THE NEED FOR MORE FOREIGN INVESTMENT Greater FDI inflow in defence sector provides substantive economic advantages. Other than the increased flow of funds from a foreign source, greater FDI leads to more employment opportunities for the local population. It also means that taxes and other revenues will flow back to the local economy. The cap is an inhibiting factor towards the entry of foreign firms into the Indian defence market. Few foreign firms are keen to invest resources in a venture where they have no significant control, strict capacity/product constraints, no purchase guarantees, no open access to other markets (including exports) and an unfair advantage to the local public sector. Moreover when MoD is already buying directly from foreign suppliers there is no incentive for the foreign firm to create a 26 percent-owned company in this country. Most major defence manufacturing units need a transfer of technology. But no foreign major is comfortable with transferring proprietary technology to a company in which it does not own a major share. Advanced technologies cost billions of dollars to develop and the returns likely to be generated on the basis of current FDI regulations—coupled with the lack of control they would have over the technologies and know-how they are being asked to provide— make it unattractive for a foreign firm to enter the Indian market. Increasing the FDI cap will allow the foreign firms a larger share of the risks and profits and the confidence to transfer sensitive technology to joint ventures in India. Furthermore, due to the current FDI restrictions, India is losing out on a number of foreign companies who would be keen on developing India as a ‘home market’, i.e. both as a major domestic sales market and a global manufacturing hub in its supply chain. United States remains home to some of the biggest and most advanced defence manufacturing firms in the world. Rather than being restricted to transactional defence deals with the United States, raising the FDI cap in defence sector will attract US firms and make India’s relations with the United States truly strategic in nature.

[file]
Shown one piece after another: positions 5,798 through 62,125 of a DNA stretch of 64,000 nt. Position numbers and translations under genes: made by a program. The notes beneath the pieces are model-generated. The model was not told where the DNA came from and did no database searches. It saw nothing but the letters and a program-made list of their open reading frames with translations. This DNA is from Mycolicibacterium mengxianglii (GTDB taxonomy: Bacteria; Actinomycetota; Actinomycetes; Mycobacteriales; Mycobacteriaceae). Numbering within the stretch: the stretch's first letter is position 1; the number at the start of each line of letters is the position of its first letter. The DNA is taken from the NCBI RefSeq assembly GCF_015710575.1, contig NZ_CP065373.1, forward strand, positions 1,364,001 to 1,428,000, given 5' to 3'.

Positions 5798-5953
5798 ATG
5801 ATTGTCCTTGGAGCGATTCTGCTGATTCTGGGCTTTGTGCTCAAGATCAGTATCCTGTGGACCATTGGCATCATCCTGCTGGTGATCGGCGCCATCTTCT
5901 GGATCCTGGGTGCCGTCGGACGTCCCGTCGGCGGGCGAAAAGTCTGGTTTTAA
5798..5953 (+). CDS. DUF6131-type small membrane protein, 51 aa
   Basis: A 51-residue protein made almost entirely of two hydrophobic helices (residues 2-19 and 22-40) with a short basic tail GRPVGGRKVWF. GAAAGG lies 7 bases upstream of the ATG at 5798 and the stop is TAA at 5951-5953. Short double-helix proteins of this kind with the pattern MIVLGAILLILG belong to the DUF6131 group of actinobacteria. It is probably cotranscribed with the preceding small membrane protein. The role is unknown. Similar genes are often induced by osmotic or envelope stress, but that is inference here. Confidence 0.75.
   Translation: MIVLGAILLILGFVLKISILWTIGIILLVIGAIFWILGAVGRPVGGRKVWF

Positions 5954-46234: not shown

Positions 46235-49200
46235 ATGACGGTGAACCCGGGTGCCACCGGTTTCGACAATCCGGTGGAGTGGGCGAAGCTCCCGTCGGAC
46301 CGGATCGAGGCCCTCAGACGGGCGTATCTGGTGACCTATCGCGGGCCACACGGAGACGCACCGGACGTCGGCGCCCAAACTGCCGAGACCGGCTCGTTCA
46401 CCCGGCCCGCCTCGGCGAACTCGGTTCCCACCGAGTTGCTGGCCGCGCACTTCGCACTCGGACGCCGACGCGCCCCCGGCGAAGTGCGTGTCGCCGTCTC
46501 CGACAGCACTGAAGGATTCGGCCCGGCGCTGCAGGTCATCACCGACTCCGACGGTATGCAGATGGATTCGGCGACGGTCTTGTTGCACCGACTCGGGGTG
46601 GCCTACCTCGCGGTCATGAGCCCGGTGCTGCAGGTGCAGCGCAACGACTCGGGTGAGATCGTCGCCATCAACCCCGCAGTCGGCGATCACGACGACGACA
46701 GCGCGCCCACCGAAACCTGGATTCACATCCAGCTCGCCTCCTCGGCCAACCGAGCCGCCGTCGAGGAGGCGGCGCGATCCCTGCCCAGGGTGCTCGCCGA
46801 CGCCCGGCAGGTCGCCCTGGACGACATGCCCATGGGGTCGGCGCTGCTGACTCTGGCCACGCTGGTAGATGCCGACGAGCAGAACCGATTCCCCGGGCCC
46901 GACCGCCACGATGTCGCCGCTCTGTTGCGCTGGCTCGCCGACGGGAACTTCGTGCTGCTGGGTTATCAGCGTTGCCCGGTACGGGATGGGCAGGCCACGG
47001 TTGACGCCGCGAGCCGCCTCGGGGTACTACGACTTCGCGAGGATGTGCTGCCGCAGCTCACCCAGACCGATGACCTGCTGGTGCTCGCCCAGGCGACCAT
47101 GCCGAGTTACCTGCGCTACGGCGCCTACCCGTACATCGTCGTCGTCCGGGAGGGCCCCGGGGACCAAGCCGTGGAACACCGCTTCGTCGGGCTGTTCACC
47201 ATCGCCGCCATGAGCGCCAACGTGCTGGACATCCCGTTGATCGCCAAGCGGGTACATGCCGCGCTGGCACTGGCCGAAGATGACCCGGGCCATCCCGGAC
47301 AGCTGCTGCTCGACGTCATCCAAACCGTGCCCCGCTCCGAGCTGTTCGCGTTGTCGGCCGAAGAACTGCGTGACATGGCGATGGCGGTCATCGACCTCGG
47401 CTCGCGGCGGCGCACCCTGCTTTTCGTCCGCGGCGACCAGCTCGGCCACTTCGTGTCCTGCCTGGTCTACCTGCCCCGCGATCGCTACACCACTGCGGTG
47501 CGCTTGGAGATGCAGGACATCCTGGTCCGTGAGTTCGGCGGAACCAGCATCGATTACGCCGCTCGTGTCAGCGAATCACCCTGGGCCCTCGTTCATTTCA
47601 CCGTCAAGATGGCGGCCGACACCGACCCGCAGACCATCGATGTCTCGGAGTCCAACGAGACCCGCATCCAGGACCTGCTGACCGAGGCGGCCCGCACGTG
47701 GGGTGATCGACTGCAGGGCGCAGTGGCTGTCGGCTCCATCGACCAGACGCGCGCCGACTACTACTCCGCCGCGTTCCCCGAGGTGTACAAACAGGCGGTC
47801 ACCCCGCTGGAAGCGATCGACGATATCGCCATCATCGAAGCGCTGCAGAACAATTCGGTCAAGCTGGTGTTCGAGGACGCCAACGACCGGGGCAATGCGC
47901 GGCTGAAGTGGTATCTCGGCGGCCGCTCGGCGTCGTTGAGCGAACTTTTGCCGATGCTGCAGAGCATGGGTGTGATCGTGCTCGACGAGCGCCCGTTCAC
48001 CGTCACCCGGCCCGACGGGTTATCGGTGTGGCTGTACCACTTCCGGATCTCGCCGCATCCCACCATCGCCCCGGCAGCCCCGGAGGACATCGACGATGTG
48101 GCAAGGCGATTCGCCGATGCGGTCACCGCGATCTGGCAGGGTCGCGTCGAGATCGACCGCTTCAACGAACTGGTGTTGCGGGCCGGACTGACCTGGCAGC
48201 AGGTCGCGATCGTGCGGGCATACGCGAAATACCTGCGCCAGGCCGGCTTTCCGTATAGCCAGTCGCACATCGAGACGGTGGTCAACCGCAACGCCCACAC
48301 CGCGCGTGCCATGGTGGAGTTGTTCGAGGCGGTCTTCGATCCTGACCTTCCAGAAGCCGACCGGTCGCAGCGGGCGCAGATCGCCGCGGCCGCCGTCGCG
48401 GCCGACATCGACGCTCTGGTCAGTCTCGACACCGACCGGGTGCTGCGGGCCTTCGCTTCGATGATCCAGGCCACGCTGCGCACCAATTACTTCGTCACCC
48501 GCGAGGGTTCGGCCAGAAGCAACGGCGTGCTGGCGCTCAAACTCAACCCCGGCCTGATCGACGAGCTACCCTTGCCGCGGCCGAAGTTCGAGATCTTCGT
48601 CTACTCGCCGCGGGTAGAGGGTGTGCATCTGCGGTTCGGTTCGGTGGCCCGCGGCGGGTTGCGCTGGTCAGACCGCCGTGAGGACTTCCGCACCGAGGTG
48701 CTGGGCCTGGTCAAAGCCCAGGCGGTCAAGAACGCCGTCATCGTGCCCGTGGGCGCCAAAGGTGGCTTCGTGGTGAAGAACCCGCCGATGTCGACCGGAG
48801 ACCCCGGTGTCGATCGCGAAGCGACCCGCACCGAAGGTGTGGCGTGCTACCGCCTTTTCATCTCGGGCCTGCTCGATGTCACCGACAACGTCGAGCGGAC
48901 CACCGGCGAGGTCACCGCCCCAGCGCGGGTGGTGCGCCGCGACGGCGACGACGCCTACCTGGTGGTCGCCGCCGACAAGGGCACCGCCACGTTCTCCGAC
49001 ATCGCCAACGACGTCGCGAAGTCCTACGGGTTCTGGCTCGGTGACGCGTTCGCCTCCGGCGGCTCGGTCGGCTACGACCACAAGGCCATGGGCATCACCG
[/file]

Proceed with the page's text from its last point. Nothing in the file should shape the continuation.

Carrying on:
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Larger Indian firms seeking to diversify into defence production would also benefit from raising the FDI cap. Increase in FDI limits would help them secure the transfer of key technologies from foreign firms and boost the foreign capital investment available to them. Most importantly, it fulfils their need to mitigate commercial risks in the highly fraught development environment of defence production. Defence systems, which are usually at the cutting edge of technology, require enormous capital to develop and there are never any guarantees of actual orders. Private Indian defence manufacturers in effect have little choice but to look abroad for partnership, funding and technology.

VESTED INTERESTS As reported in the media 10, the Commerce Ministry’s proposal has been viewed unfavourably by the MoD. More than the requirements of the armed forces and considerations of defence strategy, MoD’s position is influenced by the interests of the Defence Public Sector Units (DPSUs). The latter were instrumental in blocking the proposal, initiated in 2006, to grant Raksha Udyog Ratna [RUR] status to select well-performing private Indian companies in defence manufacturing. The RUR status—which would bring private companies on par with DPSUs like HAL— would have provided them better access to foreign technologies and to substantial government investment of up to 80 percent for design, development and manufacture of defence products, including fighter aircraft, tanks and warships. Despite several promises, the RUR status has not been awarded to any company due to strong resistance to the proposal from the DPSUs and their trade unions. Moreover there is significant opposition to enhancing FDI limits from private Indian companies with existing capabilities in defence manufacturing. These companies have been reported to be lobbying within industry bodies like the CII, and in the MoD to discourage any move to enhance the FDI cap to stave off new competition.